Uppity lady writer wanted bodily autonomy and respect. What happened next will not surprise you!

Uppity lady writer wanted bodily autonomy and respect. What happened next will not surprise you!

Today on Facebook I reposted a powerful essay by my friend Anna Lind-Guzik – the essay deals with sexual harassment and the awful feelings that presidential candidate Donald J. Trump evokes in many of us who know what it’s like to be preyed upon by men. I then posted a picture from a happy day on a nude beach.

The reaction from one of my followers was swift. I am pasting it here in full, without editing a word (for personal and professional reasons, I am omitting this man’s name). I have also written a response, and it is posted below.

Just saw you re-posting a long piece about sexual harasment is bad, and how Donald Trump is a scary man. Then you post a picture of yourself naked on a beach. I thought long and hard about writing a response. Simply put Natalia, I like & respected you for a long time. But when you write “don’t sexually harass me” and pos naked, I have to wonder, just what kind of a double standard you are trying to promote.. ‘Here I am, naked, but don’t grab and harass me’. Because I also follow your (very beautiful) Instagram, I know you also recently posted a picture of yourself with ample cleavage. I like that picture more, the nude beach one is not very flattering though you get bonus point for your nice tummy. I guess the question I have for both pictures is, What is your message? Trying to have it both ways? I like and respect your writing, would it be HARASMENT for me to say that your pictures make me hot and bothered making it difficult to appreciate you? Just thinking out loud and trying to add to the conversation. It seems You want people to vote for Hillary, and you want females to be respected, and then you act like one of those non-credible women that Trump is (I think, baselessly) accused of doing whatever to. It doesn’t make for a very strong message in my opinion. Because of my respect for your dignity I wanted to write this to you in private. But would appreciate your response.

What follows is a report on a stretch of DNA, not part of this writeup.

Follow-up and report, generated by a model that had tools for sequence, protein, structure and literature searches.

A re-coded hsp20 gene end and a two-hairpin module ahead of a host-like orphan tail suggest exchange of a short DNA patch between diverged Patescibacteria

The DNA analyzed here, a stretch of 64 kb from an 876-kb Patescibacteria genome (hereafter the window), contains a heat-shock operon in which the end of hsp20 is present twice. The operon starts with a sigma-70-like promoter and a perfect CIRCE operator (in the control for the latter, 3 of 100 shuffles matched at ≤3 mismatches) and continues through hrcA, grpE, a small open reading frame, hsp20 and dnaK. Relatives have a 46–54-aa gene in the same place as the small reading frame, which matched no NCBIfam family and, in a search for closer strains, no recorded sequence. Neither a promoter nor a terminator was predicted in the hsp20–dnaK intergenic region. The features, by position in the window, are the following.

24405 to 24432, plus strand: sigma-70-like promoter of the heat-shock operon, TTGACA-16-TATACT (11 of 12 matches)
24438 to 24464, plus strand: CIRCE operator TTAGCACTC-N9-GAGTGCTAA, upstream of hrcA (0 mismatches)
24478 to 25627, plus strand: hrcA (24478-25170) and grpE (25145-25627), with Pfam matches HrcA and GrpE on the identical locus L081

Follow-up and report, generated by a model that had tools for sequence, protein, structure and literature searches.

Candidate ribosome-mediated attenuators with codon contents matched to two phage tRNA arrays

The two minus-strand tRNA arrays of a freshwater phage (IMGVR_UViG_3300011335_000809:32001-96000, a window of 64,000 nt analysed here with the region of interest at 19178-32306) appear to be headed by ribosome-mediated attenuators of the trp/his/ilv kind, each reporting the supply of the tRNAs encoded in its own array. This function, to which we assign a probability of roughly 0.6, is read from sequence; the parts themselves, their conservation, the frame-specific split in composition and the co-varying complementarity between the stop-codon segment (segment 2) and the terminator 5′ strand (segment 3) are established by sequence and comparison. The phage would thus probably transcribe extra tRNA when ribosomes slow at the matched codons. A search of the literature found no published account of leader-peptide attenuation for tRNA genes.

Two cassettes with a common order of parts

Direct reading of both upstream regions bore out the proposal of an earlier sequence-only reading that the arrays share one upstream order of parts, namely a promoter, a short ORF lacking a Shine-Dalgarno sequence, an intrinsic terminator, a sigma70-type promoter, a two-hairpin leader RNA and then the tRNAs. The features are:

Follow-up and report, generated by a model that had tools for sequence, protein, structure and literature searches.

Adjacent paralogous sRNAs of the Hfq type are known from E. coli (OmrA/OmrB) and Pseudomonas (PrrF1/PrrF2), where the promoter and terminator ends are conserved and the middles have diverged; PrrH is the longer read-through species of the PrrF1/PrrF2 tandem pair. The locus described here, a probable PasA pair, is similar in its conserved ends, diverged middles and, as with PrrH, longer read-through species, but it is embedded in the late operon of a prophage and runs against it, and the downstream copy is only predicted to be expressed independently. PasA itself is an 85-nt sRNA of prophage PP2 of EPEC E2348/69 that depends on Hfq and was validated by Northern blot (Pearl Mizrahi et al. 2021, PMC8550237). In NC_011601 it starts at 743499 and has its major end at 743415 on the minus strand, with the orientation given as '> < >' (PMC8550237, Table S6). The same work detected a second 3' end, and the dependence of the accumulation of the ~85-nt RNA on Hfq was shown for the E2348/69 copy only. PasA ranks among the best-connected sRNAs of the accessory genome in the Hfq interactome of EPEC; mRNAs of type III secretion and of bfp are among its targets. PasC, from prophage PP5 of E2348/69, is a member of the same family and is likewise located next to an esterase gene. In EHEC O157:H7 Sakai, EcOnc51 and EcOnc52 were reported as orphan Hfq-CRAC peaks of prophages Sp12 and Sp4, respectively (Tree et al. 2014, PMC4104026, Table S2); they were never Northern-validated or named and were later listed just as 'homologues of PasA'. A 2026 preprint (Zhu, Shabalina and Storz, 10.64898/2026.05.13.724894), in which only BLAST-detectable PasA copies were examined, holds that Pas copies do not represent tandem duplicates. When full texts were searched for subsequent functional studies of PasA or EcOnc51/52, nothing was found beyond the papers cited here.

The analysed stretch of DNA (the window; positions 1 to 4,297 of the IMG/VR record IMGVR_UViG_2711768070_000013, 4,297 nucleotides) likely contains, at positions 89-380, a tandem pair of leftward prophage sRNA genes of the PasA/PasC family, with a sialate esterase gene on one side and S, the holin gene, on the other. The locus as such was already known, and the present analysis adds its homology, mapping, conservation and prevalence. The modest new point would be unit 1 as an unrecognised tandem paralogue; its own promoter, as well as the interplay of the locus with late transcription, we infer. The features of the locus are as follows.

Dear Man on the Internet (I’m leaving your name out of this, mostly out of respect for your family),

I made a rookie mistake. I assumed that my body is my own, and that I can do things that I like with it, and not be punished for it.

Posting about my disdain for harassment AND my love of frolicking on the nude beaches of southern Crete was hypocritical. I want “females to be respected,” after all, but how can I (or any other “female”) demand respect while simultaneously inhabiting a female body and doing what I want with it? These things are mutually exclusive, after all.

You are also absolutely right that it is “baseless” to accuse Donald J. Trump of inappropriate conduct. I mean, what’s the big deal about grabbing someone “by the pussy” and bragging about it? Those women really should have thought about it before leaving the house, pussies in tow.

Coincidentally, Trump’s wife Melania has also posed nude – but that’s OK, because she’s beautiful and, more importantly, married to a rich conman successful businessman. A rigid class hierarchy is an important function of our social order, and if you oppose that, you’re probably a dirty communist.

You’re right to point out that my picture isn’t very flattering. I had this silly idea that I dress/undress for my own benefit, and who cares how someone might rank my body, but let’s face it, your opinion of me is what really matters. Thank you so much for at least awarding me bonus points for my tummy, because I would have thrown myself off of a bridge otherwise (it would’ve been extra bothersome, because I live in Chania right now, and there aren’t any high bridges to save/end your life).